There’s a story in today’s Fin which sums up a lot of what is wrong about political debate on public policy in this country.
The Fin reports on a study of apprenticeship completion rates by NCVER which found big disparities between the states. In particular, NSW and Victoria were bottom of the class, with completion rates of 45% and 44% respectively. Qld and WA attained 85% and 87%.
Before we go any further, let’s remember that the skills “crisis” is often said to be about trades shortages.
How did pollies explain these figures?
John Howard has previously ascribed low completion rates either to the lure of uni, or to the resources boom. Apprentices, it’s said, are either being lured by a degree or by high wages in mining. (Never mind that the wages for non-skilled employees in mining aren’t that fab, particularly when the rapidly rising cost of living in mining towns is factored in). The Fin argues against this by pointing out that completion rates are very high in the resource rich states. True. But they’re also at 86% in Tasmania, and 78% in the ACT.
So to continue the tale, Federal VET Minister Gary Hardgrave weighs in. Maybe, muses the Minister, apprentices are dropping out in NSW and Vic and moving to complete in Qld and WA. Maybe, but highly unlikely. He appears to have made this “explanation” up out of whole cloth. Never mind the old fashioned “let’s ask the Department or commission some research” approach. Probably both the news cycle and the politicisation of education are to blame, because it’s bipartisan – Labor Victorian Minister for Skills, Jacinta Allan, disputes the findings. It doesn’t appear to have occurred to the Minister that the drop outs might be moving to Canberra or Hobart.
Hardgrave did say something sensible, and perhaps he was bitten by the Queensland parochialism bug at the time. He pointed out that apprenticeships in Queensland are much more flexible than in some other states, allowing for competency-based progression. It must be the fault of the Labor states, Hardgrave appears to suggest, and we’d like to standardise this model across Australia. Except Queensland is a Labor state as well. Oh well.
The other bit of the stats no one seems to comment on is that Queensland and WA were doing just as well comparatively speaking and NSW and Victoria just as badly (though a bit better than they are now) from 1998-02. The figures given are for that period and for 2002-05.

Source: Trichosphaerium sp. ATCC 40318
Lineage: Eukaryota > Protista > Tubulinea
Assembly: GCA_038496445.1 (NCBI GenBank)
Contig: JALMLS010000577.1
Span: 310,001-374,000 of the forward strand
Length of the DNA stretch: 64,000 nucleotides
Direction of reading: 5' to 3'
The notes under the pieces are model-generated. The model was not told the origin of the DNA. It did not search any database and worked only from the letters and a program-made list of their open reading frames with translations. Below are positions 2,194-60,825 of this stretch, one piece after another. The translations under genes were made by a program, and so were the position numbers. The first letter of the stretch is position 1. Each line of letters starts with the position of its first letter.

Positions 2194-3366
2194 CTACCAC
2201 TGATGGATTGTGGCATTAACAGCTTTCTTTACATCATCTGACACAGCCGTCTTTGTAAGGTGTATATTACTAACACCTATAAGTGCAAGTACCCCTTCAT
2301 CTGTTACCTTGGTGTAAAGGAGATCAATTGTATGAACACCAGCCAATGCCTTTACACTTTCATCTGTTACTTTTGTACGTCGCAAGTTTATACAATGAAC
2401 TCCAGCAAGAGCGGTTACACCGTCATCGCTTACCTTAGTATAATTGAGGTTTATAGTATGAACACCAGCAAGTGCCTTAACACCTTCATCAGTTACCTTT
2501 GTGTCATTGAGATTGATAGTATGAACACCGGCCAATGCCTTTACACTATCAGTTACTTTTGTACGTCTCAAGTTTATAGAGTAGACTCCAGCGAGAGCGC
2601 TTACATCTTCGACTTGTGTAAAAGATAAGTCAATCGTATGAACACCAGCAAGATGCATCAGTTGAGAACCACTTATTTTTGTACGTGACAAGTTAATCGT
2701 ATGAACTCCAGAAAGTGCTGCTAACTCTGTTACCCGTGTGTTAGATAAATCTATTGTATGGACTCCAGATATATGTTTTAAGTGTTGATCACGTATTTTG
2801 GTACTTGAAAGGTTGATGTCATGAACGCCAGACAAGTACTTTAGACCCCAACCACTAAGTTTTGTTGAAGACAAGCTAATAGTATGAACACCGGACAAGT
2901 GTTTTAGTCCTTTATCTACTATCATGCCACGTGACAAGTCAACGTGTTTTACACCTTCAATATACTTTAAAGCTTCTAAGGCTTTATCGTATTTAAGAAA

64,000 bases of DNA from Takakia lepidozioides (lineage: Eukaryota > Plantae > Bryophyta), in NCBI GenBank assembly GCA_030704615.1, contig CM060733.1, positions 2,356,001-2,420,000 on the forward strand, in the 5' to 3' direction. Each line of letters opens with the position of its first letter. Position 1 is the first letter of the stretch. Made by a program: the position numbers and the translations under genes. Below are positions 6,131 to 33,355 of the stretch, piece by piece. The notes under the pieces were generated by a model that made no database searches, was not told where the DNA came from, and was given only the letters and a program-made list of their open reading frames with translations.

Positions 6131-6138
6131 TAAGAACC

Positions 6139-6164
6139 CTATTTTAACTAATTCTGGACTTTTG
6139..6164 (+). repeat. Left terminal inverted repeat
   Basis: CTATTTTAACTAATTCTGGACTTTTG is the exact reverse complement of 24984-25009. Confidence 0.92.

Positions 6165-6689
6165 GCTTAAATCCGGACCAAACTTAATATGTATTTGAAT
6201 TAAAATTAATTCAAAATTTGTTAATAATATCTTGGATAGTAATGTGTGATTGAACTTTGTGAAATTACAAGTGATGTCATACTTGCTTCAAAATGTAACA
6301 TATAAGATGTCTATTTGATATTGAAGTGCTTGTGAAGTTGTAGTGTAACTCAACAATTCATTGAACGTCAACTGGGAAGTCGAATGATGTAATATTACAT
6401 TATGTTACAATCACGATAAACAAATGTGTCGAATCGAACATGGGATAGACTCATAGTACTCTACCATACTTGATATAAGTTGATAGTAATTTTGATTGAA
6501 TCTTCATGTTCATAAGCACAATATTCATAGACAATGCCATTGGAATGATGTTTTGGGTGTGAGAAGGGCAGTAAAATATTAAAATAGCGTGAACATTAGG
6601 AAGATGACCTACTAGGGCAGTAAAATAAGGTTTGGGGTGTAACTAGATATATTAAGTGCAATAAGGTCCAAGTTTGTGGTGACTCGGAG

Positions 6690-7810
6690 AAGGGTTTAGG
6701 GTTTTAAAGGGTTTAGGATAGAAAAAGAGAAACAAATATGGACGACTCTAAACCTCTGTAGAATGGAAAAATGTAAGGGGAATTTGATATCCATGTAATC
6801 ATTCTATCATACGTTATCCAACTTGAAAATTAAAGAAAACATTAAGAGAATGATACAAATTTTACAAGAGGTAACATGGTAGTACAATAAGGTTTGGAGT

What of course that suggests is that it’s highly unlikely that these differences have short term causes such as labour market factors or the resources boom, which pretty much puts paid to Howard’s excuses. But it also suggests the blindingly obvious – that Qld and WA probably have put more effort over a longer period of time in public policy and managerial terms to building up efficient and flexible VET systems.
Which of course is something that happens under federalism. And Hardgrave now wants to snaffle Qld’s good ideas (which go beyond just assessment and progression) for the Commonwealth.
Which might be a good thing, except that you’ve only then got one system where there can be any policy and managerial innovation.
And the ideas that the Feds – from both parties – haven’t been too innovative. Federal Labor wants to “increase completions” by giving everyone $1000 if they finish. And the Coalition promised to chuck in $800 towards a toolkit in the last election.
This is part of the problem, as well as the blame game. The Commonwealth has had minimum responsibility for delivery. So Federal pollies focus on headlines, and quick fixes which turn out to be very expensive when you add up the cost of giving a small amount of money to tens of thousands of people. And they’re probably the wrong fixes, because they’re not based on any evidence but on a desire to be seen to be doing something. Symbolic politics. Meanwhile some of the states are doing the hard yards in tackling a very complex policy area for which they’re actually responsible. But they don’t get the headlines.
If Rudd wants to tackle federalism, there’s material aplenty in skills and VET for him to work with. But someone had better come up with some smarter ideas than “completion bonuses”…